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To save for your sunset years or quickly clear your student loan? How to decide on what’s important


Which is of these is a priority: paying off your student loan or saving enough to secure a comfortable life after retirement? Regardless of your answer, one thing is clear – both financial goals need to top your priority list. But it can be difficult to decide which one to take on first.

Should you pay down all your student loans with all the little money left in your coffers? Or, should you amass enough money and “store” in your cash reserves until retirement?

Do both. Make sure to prioritize on saving for retirement while working towards repaying your student loan. When you prioritize it means making little but regular payments towards each financial goal. Not only does this guarantee financial freedom in the future, but also reduces your loan debt while growing your retirement money. It is a win-win.

If you’re still undecided on where to put your extra dollar, this post will help you get the most of your money by providing ways on how to prioritize (on what’s important).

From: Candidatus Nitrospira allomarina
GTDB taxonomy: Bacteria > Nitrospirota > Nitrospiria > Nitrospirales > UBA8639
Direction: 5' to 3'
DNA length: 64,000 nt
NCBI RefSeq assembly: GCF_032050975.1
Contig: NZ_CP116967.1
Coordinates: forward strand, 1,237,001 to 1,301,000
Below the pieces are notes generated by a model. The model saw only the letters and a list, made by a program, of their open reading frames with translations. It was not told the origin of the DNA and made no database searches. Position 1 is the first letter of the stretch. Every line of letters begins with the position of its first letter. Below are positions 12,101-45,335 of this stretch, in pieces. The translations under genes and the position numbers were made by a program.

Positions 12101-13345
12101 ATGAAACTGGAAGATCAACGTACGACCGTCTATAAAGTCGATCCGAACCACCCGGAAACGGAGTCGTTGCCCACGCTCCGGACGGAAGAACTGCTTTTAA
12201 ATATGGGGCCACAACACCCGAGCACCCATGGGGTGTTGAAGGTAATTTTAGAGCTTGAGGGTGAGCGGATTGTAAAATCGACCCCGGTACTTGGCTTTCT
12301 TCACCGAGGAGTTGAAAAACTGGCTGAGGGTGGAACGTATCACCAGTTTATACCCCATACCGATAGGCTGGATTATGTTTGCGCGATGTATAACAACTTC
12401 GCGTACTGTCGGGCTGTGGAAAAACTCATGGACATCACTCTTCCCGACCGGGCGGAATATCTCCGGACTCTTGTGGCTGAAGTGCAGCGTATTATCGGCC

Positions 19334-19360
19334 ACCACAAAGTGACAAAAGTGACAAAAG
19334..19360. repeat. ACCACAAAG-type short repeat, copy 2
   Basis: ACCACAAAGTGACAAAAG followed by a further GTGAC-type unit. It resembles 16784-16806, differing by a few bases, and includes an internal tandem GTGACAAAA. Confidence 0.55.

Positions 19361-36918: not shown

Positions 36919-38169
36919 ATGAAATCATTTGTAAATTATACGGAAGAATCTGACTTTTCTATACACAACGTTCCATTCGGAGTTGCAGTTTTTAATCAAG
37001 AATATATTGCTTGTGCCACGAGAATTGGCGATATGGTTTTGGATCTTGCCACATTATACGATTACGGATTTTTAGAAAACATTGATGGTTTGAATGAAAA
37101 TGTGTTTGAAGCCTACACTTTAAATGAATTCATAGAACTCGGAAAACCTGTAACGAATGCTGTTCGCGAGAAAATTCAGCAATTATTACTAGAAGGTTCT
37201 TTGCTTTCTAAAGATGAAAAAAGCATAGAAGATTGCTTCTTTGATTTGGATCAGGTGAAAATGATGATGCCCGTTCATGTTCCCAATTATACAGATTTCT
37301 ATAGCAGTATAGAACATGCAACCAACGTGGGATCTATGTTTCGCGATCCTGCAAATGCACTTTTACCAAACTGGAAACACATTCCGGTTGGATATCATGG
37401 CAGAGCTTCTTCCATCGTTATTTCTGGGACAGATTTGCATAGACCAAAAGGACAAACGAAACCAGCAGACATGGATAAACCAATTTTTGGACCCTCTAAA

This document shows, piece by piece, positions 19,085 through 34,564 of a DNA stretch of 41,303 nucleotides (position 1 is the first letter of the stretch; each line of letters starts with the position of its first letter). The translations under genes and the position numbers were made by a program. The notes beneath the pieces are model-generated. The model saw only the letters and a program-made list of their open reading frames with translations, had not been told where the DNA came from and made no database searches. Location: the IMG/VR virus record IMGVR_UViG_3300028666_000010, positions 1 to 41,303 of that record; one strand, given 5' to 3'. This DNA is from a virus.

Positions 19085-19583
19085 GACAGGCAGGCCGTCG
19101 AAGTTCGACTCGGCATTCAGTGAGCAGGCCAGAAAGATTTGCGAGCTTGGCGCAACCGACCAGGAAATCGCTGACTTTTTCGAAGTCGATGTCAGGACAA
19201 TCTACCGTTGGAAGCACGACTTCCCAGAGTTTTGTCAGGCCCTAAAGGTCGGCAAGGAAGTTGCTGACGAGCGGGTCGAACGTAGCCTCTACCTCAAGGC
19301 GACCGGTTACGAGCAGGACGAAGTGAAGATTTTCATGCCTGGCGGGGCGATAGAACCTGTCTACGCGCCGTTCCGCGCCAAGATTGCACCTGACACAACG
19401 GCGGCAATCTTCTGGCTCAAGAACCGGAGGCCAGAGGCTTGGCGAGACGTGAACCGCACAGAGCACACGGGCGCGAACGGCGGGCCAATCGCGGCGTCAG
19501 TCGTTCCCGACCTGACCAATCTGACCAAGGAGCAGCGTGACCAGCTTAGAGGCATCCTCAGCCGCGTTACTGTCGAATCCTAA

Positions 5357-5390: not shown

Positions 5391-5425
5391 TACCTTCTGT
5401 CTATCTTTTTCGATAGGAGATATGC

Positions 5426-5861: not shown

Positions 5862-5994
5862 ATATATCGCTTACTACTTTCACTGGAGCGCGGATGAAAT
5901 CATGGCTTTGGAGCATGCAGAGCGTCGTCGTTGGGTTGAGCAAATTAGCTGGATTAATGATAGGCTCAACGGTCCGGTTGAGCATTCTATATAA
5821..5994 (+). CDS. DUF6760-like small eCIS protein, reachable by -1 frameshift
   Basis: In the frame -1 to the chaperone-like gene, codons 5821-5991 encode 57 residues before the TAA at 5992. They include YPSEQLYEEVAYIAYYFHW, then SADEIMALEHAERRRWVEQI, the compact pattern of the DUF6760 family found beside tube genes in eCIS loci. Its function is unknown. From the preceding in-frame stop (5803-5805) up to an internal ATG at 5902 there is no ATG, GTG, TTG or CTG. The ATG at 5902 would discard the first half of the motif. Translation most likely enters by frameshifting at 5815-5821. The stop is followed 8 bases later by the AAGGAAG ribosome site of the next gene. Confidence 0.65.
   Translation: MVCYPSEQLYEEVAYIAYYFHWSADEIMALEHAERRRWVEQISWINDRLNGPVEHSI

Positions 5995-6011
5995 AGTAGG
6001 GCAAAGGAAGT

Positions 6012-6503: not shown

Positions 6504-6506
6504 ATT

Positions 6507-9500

Weigh up interest rates

The first step is to evaluate the interest rates you are paying towards your student loan. Are they high? Can you compare the rates with the investment you going to get when you save for your retirement?

One thing is certain, clearing your debt is inevitable. At some point in your life, you will have to pay off student debt. And the more you contribute towards reducing a student loan, the earlier you’ll reduce the interest rates. If you have close to three decades to your retirement, it will take you years before you can entirely accomplish your financial goal of saving for retirement or clearing off student loans.

Remember, the higher the interest rates, the lower your chances of investing for your retirement. So it is better to strike a balance while evaluating the interest rates.

Take your tax bill into consideration

By investing for retirement, you may be eligible for tax advantages. Make sure to take into consideration these advantages at your disposal.

Depending on the type of account you own, if you’ve saved enough money for your retirement, you are eligible for a tax break irrespective of whether the money goes in or out. With a company retirement plan or the conventional 401 (k) plan account, you stand to earn pre-tax money. This is tax-free money is only accessible during your retirement.